To borrow a phrase from “Monty Python and the Holy Grail”, we are not dead yet. The media has picked up on the A123 Systems Chapter 11 filing and has extrapolated it to mean that somehow energy storage is another failed Department of Energy (DOE) technology. In fact, the industry feels fine.
First, A123 is not dead; they are restructuring and continue operations. They also have 90 megawatts of energy storage up and running worldwide with a number of other projects in process. Roland Berger just released a report on the projected market for lithium ion batteries and the top five players included the likes of LG, Panasonic, Sanyo-and A123 Systems. Recognizing this opportunity, a number of suitors have lined up in a bidding war for A123, which the bankruptcy judge called “the popular girl at the dance.” Not exactly demise. Keep reading →
According to researchers at the U.S. Naval Research Laboratory (NRL), one of the Marine Corps’ most significant challenges is finding a way to provide reliable electricity to soldiers in forward operating bases. Like the rest of us, the U.S. military is desperate for ways to reduce its fuel and battery consumption. It’s widely recognized that solar panels are one of the only technologies that can provide a portable, affordable source of power to those on the front lines. Keep reading →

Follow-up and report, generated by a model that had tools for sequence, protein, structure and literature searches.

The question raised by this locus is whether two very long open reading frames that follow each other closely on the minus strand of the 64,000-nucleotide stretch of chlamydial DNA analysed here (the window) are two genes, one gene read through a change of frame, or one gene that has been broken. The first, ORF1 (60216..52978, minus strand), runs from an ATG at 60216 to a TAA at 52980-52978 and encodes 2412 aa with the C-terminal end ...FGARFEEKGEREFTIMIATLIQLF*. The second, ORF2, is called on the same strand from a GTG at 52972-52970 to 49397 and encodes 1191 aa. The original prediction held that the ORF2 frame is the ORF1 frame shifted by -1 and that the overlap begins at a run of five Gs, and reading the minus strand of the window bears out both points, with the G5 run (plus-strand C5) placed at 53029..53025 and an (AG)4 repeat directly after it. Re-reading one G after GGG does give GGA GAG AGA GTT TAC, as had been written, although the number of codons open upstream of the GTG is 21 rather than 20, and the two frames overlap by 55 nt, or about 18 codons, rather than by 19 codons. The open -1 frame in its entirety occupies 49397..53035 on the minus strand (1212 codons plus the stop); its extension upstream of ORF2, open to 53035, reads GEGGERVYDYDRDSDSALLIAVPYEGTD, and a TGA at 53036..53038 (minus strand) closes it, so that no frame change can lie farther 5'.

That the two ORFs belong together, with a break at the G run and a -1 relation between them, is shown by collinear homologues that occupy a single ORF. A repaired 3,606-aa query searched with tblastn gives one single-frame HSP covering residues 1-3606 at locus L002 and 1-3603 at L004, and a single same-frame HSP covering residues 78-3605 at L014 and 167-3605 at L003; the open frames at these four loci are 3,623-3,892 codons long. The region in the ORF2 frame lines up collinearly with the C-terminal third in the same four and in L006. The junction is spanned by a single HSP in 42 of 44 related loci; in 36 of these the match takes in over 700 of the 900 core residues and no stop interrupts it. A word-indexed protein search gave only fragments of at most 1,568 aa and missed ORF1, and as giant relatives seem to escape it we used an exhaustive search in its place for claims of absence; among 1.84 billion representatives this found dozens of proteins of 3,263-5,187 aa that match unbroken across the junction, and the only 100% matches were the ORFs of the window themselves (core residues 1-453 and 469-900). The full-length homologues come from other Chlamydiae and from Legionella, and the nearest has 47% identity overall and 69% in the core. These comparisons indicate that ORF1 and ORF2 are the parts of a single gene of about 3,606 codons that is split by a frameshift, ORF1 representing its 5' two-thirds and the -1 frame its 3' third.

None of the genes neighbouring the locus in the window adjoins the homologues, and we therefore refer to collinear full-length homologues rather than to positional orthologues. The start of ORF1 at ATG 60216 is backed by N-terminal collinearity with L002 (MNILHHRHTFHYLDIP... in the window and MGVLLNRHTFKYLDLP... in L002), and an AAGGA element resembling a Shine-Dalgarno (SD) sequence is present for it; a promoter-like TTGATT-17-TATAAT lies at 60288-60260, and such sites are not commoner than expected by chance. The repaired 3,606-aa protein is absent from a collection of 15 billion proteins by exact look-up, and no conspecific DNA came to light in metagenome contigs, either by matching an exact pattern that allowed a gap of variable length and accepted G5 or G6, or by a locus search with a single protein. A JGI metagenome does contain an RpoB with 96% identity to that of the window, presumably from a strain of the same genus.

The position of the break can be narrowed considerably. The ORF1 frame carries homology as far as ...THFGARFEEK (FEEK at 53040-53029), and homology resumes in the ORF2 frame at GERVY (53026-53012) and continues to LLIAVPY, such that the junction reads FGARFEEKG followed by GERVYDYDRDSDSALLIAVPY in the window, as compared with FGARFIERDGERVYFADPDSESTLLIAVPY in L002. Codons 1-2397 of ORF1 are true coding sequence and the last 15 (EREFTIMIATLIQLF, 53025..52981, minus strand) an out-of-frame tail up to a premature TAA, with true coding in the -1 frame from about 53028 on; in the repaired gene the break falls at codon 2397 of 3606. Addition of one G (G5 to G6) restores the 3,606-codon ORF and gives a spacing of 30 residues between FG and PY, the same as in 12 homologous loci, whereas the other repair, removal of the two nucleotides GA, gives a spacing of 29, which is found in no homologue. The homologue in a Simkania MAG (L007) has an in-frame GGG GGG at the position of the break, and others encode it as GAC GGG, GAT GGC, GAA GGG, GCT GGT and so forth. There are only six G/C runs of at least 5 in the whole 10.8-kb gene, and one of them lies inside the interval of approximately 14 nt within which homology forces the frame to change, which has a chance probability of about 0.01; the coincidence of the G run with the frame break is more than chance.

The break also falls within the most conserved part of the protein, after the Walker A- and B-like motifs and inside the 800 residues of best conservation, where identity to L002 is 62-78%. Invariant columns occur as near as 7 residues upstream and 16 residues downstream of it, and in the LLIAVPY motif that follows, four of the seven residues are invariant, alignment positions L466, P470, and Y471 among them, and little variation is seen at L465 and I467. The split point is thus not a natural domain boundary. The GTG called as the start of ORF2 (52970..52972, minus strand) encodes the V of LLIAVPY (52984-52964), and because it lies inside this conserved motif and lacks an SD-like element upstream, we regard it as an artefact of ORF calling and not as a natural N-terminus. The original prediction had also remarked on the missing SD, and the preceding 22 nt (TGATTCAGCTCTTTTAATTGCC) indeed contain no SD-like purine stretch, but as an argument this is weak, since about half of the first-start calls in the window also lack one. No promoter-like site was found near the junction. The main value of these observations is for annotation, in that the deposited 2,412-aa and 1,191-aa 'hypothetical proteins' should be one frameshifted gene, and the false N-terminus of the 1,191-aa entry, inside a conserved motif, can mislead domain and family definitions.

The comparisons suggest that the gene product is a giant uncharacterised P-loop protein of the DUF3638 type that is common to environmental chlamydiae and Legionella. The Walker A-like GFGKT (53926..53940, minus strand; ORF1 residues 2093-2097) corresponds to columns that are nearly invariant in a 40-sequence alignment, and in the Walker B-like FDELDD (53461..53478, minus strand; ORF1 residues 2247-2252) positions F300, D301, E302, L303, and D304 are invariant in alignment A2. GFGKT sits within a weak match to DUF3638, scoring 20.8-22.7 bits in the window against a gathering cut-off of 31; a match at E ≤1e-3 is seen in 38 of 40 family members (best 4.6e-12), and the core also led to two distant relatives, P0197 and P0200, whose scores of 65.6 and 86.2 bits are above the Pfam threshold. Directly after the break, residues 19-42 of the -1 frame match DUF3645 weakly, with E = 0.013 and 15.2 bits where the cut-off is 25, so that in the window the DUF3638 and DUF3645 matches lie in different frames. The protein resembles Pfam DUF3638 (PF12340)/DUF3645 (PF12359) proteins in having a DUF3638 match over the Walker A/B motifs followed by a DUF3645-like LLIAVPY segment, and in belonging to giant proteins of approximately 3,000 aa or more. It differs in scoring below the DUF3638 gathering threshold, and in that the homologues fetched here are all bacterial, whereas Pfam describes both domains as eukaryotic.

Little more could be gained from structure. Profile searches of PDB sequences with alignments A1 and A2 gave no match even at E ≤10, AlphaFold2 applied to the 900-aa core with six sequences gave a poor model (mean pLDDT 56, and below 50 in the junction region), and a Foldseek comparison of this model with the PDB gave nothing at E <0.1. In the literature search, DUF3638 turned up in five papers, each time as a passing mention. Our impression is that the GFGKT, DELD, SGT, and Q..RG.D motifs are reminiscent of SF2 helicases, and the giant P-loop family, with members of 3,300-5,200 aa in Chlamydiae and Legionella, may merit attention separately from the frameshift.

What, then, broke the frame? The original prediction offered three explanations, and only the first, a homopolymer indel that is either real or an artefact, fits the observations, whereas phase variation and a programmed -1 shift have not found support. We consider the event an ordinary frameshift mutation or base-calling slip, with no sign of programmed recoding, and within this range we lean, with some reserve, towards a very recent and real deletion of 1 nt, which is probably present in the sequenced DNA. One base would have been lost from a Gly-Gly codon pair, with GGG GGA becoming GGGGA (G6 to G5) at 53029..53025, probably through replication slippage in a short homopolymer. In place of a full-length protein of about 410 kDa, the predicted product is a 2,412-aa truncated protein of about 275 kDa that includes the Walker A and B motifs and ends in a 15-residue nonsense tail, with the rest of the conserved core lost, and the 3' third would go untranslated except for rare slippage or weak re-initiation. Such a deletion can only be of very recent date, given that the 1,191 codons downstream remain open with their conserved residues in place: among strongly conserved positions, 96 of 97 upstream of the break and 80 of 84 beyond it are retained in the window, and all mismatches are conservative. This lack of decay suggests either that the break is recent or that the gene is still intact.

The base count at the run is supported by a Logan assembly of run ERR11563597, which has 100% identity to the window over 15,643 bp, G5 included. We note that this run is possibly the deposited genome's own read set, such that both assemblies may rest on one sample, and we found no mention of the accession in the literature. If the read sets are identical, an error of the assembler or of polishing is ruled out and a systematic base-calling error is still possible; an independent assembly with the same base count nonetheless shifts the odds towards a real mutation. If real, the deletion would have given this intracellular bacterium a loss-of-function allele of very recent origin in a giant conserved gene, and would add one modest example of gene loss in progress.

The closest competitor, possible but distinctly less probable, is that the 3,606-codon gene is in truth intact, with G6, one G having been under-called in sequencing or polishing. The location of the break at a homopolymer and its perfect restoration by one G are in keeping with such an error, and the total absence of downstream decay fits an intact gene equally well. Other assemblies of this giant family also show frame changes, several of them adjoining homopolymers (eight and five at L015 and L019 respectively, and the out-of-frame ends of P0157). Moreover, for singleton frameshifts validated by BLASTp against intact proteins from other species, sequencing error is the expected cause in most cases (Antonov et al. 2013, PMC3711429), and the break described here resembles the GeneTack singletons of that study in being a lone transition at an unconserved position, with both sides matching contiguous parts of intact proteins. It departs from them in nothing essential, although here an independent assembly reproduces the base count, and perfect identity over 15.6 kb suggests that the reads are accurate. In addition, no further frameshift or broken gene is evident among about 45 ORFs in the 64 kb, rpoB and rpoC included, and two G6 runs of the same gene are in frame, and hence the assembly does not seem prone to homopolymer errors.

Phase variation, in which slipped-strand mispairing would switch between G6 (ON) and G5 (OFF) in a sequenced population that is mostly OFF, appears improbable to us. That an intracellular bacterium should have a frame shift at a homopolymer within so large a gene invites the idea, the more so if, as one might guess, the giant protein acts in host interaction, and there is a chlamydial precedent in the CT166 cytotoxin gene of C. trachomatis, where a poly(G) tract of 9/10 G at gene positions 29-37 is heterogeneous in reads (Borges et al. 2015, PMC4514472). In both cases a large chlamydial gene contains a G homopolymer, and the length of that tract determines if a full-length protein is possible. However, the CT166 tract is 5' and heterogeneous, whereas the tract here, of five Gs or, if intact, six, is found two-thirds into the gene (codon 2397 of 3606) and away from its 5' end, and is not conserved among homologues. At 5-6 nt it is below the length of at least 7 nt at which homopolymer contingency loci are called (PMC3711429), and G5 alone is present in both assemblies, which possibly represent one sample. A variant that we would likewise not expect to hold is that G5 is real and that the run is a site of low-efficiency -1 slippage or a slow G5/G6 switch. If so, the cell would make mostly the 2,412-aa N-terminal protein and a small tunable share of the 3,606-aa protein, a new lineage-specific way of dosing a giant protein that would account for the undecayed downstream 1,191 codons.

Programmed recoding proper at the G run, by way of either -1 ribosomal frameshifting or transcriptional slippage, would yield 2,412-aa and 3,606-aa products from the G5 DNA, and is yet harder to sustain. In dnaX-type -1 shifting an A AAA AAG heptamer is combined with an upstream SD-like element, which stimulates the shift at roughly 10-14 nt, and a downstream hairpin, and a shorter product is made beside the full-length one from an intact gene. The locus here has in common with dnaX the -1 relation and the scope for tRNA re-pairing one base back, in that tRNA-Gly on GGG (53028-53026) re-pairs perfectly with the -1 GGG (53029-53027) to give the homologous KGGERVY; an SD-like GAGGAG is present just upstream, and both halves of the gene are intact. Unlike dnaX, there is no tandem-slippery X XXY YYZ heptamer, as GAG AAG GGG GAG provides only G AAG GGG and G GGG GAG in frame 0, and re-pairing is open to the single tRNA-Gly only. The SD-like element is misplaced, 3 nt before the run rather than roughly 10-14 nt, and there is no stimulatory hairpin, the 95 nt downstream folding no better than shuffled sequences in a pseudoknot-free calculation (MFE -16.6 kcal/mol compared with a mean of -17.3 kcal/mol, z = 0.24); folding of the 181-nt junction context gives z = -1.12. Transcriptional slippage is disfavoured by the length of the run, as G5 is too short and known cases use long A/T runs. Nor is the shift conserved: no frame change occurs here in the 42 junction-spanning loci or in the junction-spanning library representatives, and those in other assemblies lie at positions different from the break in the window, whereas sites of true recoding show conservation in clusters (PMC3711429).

How a quest for a ten-fold improvement in batteries promises to make electric vehicles deliver on their remarkable potential.
The din that accompanied the birth of modern electric vehicles has quieted, despite a steady parade of new models and the ascent of gas prices to worrisome highs. The relative quiet is good news though, a sign that electric vehicles (EVs) are entering a critical period when the technology must evolve from exotic to everyday. Keep reading →
Researchers at UCLA say they have come up with a method for converting electrical energy into a liquid fuel, in a development that could lead to regular petrol cars being powered by electricity.
The process, which uses carbon dioxide (CO2) as a bi-product, was recently discovered by James Liao of UCLA’s Ralph M. Parsons Foundation Chair in Chemical Engineering. Keep reading →
Physicists at the University of Michigan have made a breakthrough discovery that could change the way solar panels are constructed, making them cheaper to manufacture.
The team, led by Dr. Stephen Rand, a professor in the departments of Electrical Engineering and Computer Science, Physics and Applied Physics, discovered that at the right intensity, light traveling through a material that does not conduct electricity can generate magnetic effects 100 million times stronger than previously estimated. That magnetic power, could be used to create an “optical battery,” Rand said. Keep reading →